• Once again Google Creates something that is Hypercool. Well, it will be once they work out the bugs in the display.
  • So like... does this mean that Google CAN take the sky from me?

    And is this like giving it back?

    I'm confused now...
  • Google Sky seems to weigh in on whether Pluto still counts as a planet. If you search for "Planets", you're directed to the planets layer, which I couldn't find (and isn't found if you search Google Maps help either). But click on "The Solar System" and there's Pluto, still included, no matter how many other small round bodies may be lurking about the solar system. Way to stand up for the little guy, Google!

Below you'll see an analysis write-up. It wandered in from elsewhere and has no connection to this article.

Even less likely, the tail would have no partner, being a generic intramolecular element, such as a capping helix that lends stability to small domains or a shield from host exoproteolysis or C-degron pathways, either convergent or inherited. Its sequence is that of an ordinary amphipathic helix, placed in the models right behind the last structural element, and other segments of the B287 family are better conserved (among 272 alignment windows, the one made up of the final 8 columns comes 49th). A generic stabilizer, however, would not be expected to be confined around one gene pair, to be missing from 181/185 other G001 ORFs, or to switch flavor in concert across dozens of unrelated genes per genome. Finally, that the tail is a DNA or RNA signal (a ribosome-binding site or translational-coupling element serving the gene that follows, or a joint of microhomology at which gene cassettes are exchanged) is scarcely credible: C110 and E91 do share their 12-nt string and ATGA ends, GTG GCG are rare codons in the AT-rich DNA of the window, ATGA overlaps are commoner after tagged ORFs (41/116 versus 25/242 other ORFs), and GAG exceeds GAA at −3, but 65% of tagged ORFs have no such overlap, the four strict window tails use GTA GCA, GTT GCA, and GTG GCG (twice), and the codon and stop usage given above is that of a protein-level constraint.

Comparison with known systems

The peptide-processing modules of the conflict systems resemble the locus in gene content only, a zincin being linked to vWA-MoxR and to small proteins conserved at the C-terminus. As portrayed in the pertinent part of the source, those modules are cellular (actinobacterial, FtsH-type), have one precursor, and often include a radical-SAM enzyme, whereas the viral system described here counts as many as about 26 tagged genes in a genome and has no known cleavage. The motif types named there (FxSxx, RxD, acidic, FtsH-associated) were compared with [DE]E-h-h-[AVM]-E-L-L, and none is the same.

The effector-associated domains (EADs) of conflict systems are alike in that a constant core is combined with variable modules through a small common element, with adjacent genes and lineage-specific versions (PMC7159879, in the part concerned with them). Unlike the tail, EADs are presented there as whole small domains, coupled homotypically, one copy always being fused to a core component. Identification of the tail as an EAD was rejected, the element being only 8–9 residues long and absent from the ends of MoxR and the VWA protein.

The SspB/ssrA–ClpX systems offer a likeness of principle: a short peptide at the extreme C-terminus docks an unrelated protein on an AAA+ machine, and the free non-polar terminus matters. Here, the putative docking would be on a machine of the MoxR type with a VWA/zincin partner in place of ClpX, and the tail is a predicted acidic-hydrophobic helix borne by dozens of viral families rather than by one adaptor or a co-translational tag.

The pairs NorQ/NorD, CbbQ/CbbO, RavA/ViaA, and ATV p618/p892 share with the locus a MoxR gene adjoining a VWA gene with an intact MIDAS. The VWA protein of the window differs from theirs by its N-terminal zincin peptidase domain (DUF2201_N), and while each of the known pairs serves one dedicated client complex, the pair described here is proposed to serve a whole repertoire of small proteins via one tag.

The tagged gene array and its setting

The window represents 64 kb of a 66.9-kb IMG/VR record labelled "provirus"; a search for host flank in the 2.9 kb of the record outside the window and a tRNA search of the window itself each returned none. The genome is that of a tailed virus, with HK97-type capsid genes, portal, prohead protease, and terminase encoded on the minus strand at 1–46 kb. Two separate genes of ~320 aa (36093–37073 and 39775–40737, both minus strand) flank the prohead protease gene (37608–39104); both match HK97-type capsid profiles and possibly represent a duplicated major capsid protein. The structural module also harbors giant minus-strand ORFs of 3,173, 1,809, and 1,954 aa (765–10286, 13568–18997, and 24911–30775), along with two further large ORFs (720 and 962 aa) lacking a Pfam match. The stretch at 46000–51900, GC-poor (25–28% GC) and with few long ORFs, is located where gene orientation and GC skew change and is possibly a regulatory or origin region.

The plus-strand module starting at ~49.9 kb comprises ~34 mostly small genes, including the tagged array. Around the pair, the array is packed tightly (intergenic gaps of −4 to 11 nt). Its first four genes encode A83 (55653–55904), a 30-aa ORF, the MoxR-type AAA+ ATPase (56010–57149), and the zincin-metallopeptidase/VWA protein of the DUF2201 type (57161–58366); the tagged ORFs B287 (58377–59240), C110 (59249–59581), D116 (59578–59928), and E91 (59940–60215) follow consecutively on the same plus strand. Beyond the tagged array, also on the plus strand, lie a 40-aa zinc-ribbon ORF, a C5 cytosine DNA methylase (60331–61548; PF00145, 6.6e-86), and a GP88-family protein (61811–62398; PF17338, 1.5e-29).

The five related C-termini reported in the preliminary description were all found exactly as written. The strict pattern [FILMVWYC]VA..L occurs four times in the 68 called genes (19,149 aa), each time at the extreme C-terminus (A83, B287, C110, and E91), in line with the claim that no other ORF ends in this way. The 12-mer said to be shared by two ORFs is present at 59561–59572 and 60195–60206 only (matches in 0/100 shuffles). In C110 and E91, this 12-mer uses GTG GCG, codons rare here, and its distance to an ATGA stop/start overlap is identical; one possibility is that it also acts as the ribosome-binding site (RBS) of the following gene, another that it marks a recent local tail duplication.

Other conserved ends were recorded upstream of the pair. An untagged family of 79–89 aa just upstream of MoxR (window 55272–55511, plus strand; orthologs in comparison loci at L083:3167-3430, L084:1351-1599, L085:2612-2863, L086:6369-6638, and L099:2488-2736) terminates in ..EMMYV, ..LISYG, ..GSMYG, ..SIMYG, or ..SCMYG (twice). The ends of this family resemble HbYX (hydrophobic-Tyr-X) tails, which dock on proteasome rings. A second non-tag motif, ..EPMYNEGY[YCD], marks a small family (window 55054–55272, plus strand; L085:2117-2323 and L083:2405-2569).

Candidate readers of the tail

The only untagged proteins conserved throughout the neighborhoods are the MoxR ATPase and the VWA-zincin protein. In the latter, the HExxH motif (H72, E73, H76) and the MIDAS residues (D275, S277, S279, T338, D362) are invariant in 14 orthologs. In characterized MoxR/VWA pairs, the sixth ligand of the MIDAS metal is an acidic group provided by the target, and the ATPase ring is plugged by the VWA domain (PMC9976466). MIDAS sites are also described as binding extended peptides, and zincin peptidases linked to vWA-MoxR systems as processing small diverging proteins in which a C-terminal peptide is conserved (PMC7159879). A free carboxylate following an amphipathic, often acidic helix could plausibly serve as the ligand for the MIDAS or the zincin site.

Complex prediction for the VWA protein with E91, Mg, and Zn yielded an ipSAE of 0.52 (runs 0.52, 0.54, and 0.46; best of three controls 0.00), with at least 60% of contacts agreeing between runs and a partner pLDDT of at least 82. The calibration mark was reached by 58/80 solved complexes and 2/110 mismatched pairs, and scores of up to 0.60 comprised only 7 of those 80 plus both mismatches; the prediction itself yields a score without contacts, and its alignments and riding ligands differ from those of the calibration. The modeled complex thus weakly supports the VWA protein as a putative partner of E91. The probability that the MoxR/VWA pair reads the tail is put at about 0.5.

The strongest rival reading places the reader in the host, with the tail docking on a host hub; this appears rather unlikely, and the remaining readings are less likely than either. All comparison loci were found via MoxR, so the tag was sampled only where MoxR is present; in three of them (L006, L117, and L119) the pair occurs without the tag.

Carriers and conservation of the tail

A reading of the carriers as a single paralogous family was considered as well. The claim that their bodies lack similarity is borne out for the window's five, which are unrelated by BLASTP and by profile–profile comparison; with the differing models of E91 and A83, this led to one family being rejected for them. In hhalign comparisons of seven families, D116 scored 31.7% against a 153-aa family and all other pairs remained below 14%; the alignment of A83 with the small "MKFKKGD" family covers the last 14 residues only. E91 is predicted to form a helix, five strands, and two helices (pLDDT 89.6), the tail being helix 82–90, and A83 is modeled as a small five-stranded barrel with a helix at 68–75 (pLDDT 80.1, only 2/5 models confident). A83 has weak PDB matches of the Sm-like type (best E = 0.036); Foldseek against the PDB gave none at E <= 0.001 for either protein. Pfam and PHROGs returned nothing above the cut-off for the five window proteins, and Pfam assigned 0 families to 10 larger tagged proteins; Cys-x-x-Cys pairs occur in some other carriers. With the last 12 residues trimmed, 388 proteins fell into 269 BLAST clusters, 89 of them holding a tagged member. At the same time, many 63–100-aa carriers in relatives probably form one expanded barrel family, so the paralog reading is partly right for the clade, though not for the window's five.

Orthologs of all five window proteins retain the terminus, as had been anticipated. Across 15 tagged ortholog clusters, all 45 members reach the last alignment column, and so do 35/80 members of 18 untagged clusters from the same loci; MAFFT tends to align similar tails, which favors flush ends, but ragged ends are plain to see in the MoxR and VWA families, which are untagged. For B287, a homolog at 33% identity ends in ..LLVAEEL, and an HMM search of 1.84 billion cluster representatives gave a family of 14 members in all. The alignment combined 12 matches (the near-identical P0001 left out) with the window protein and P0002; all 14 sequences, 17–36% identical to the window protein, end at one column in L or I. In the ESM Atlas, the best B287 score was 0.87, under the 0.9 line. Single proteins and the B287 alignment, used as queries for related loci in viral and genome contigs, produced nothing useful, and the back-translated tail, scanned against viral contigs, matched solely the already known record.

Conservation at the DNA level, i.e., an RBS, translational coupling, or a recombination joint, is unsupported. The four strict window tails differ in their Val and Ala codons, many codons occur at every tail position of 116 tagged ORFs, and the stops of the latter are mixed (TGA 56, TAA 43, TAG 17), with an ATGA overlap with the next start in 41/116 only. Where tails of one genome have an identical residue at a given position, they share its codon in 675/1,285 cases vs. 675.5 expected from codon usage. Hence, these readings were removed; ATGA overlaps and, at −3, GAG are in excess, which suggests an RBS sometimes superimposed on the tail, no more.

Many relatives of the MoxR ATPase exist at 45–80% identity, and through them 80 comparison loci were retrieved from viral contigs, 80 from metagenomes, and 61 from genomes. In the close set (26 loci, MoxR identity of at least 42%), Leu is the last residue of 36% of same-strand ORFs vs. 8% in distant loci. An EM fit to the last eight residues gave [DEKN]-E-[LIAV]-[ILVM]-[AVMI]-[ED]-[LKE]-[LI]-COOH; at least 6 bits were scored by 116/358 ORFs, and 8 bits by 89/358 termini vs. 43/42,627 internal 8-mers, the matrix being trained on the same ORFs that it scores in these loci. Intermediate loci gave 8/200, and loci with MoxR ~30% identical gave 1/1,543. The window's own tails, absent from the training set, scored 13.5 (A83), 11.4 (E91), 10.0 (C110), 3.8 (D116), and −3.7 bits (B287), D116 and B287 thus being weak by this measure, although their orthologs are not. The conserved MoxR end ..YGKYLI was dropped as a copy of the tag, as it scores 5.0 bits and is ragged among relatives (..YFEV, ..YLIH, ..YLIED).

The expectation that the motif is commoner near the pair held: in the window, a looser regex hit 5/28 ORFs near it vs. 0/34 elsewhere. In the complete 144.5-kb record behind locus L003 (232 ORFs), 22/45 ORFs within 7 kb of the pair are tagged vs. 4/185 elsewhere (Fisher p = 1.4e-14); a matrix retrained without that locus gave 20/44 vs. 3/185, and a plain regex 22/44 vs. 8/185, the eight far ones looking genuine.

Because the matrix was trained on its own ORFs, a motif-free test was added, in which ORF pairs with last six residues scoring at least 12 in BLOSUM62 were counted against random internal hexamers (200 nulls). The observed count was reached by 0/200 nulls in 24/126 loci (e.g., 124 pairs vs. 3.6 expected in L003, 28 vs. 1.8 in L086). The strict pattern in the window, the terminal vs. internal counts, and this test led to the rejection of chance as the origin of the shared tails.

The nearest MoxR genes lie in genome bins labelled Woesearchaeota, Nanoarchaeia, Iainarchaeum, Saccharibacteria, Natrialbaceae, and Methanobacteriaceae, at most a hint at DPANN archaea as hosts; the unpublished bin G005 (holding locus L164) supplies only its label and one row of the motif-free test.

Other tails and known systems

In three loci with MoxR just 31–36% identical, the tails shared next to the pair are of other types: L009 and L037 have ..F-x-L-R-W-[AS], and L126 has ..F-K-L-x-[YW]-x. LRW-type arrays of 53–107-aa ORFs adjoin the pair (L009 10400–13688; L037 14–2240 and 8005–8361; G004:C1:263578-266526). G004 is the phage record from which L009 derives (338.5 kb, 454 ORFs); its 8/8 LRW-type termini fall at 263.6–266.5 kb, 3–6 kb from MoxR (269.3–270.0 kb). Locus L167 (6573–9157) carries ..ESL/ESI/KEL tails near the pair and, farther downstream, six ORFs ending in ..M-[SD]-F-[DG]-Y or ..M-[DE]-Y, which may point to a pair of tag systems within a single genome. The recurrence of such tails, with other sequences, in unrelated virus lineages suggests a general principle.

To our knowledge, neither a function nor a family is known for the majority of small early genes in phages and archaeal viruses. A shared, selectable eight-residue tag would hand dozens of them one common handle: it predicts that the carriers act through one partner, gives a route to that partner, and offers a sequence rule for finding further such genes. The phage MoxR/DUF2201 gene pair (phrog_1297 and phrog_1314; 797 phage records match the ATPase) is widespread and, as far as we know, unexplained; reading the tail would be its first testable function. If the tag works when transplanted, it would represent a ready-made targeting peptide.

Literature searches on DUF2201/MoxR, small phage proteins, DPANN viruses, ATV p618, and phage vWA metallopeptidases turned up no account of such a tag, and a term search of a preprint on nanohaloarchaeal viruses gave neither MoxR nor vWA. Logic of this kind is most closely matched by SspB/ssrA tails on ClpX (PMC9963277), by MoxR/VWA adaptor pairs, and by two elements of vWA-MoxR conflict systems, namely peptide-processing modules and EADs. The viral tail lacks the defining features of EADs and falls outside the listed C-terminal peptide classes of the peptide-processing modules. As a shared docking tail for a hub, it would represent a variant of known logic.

• Have a look at - its really nice, and has a convenient overlaid sidebar where you can browse interesting phenomena like the Bubble Nebula without knowing its Calder Number.
  • by operon ( 688118 ) on Sunday March 16, 2008 @12:17PM (#22765728) Homepage
    Search: "Extraterrestrial life" OR E.T. OR Borg OR "Death Star" "No results"
  • Unluckily, that interface works only because nobody lives in the polar region (well... yes, nearly nobody). For the sky, polar area is a frequently watched part of it, which is hopelessly distorted. Perhaps they should make an alternative view for those?
  • by 602 ( 652745 )
    Too bad there's no radio spectrum. Maybe they'll add that later.

    (Please enjoy My Brother Karl Jansky and His Discovery of Radio Waves from Beyond the Earth []).